‘Is There Anybody Out There?’ Review: Touching Documentary on Disability

0
549
Is There Anybody Out There? (2023) © Conic Films

What is it like to feel as if you’re the only person in the room, all the time? Ella Glendining knows. At one point in this highly confessional and fascinating documentary on disability she admits that sometimes: “I do feel like a different species”. Over the course of an hour and a half, she takes us along on a mission to find a body that looks just like hers. 

★★★★✰

Is There Anybody Out There? opens with an extended dance scene of our narrator and protagonist Ella, busting a move in her room to the groovy sound of ‘Frank Sinatra’ by the band Cake. She flips her hair, she waves her arms, she seems carefree. But she’s not. Ella is living with a rare disability—she was born without hip joints.

The film opens with nostalgic home video footage of Ella as a child at Christmas, recording a home movie for her grandmother. Slowly, we learn about her life. The way she has been treated, the looks she gets, the way people like her are portrayed in the media, and especially “that feeling of being the only one in the room”. As an adult, she lives a full life as a filmmaker, and has gotten used to the stares and judgement. It’s the loneliness that bothers her. She longs to meet another person with a body just like hers. This becomes her fixation and mission over the course of her film, a passion project that spans years and takes her right across the globe. Ella’s journey is also one into the self, and it is a privilege to be taken along for the ride.

Her quest is abruptly interrupted when she becomes pregnant. Having her own child leads her to contemplate the surgeries that parents organise for their children with disabilities like hers, surgeries that are often a long and painful process that keeps children out of school and in and out of hospital for years.

This BFI Doc Society production is a very special insight into life with a disability, but Ella refuses to be defined by her condition alone. Her autobiography also offers incredibly brave and raw insights into her pregnancy, her family history and the troubles within it, interesting reflections on the filmmaking process, and how she negotiates her queer identity as a woman now having a child with a man. Her experience of pregnancy and birth is almost as engaging as her quest for a body like hers. Along the way, she reflects on living with disability in general, with the help of her friend Naomi, who has the opposite problem: an invisible disability, autism.

Is There Anybody Out There? (2023) © Conic Films

The film also features archival television clips showing just how poorly people with disabilities have been treated in the past. In one particularly shocking clip, an interviewer asks a woman using a wheelchair if she wishes she hadn’t been born. This archival footage is carefully sourced and edited. The B-roll footage is cinematic and beautiful. Some of Ella’s self-recorded interviews are in portrait mode on her phone, relaxing in the bath after a long day or when she can grab a quick moment—but this only emphasises the confessional aspect of the project, and contrasts nicely with the crisp cinematography elsewhere in the film. The music in tense moments is done well, and overall the film is well made as well as incredibly touching in a very special ordinary, everyday way.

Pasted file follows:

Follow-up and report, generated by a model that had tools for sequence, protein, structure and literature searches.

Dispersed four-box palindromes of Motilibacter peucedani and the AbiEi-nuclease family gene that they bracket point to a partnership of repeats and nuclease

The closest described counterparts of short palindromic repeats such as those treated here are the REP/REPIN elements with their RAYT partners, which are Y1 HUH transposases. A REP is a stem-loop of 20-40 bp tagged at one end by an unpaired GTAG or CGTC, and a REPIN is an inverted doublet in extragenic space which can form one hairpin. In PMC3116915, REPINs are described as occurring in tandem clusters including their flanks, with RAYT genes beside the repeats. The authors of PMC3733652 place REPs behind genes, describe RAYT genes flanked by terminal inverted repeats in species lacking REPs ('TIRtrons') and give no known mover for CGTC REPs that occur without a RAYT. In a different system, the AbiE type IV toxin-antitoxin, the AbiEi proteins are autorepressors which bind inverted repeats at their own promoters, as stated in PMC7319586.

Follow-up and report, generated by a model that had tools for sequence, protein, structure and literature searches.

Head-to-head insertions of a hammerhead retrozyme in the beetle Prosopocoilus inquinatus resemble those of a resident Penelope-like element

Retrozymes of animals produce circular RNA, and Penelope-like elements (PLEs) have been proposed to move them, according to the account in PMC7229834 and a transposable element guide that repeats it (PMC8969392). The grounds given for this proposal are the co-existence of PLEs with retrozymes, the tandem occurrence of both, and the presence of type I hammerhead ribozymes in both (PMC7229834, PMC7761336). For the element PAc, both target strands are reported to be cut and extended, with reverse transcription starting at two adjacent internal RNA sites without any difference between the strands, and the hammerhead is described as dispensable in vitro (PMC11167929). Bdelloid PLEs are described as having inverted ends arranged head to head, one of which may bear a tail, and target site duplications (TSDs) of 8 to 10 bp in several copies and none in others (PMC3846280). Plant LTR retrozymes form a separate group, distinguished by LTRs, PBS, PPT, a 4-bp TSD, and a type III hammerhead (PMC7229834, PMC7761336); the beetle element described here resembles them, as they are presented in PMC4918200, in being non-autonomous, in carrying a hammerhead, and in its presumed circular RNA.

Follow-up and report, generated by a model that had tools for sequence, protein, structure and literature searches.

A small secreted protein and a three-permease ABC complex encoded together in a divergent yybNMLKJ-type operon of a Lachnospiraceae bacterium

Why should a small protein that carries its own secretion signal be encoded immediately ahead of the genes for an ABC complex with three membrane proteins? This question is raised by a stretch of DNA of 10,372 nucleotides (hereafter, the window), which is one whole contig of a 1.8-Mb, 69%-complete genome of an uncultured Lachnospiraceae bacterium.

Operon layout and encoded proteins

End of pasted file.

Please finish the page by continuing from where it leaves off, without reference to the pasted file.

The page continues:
Ella is a relatable protagonist, down to earth and determined not to be convinced that her disability needs fixing: “It is what it is, as they say on Love Island”. She’s not a totally perfect protagonist either, but this makes her relatable. She never shies away from the truth of her feelings and opinions, and admits that her parents did not have to make the same difficult decision because surgery was not an option for Ella.

Is There Anybody Out There? (2023) © Conic Films

Her search for a body just like hers ends up taking Ella in more directions than anticipated. The need to belong is an entirely human one. To feel like we are ‘normal’ is something most of us take for granted. To work against that feeling, to embrace our difference, is an uphill struggle. But at one point, sitting on the grass in America, the mother of a child with a disability like Ella’s celebrates how each person manages their lives and disabilities differently: “Y’all are so unique. Everyone is so different”. Ella thinks about this for a moment—the opposite of the sameness she has been fighting to find—and after a pause agrees: “Yeah. It is cool”.

The Verdict

This is a brave, important, and beautiful film. It is raw, unflinching, but also kind and hopeful. It is both a highly personal insight into one woman’s life, and an engaging investigation into the way disability is perceived in public life.  

Words by Eli Dolliver


Support The Indiependent

We’re trying to raise £200 a month to help cover our operational costs. This includes our ‘Writer of the Month’ awards, where we recognise the amazing work produced by our contributor team. If you’ve enjoyed reading our site, we’d really appreciate it if you could donate to The Indiependent. Whether you can give £1 or £10, you’d be making a huge difference to our small team.

LEAVE A REPLY

Please enter your comment!
Please enter your name here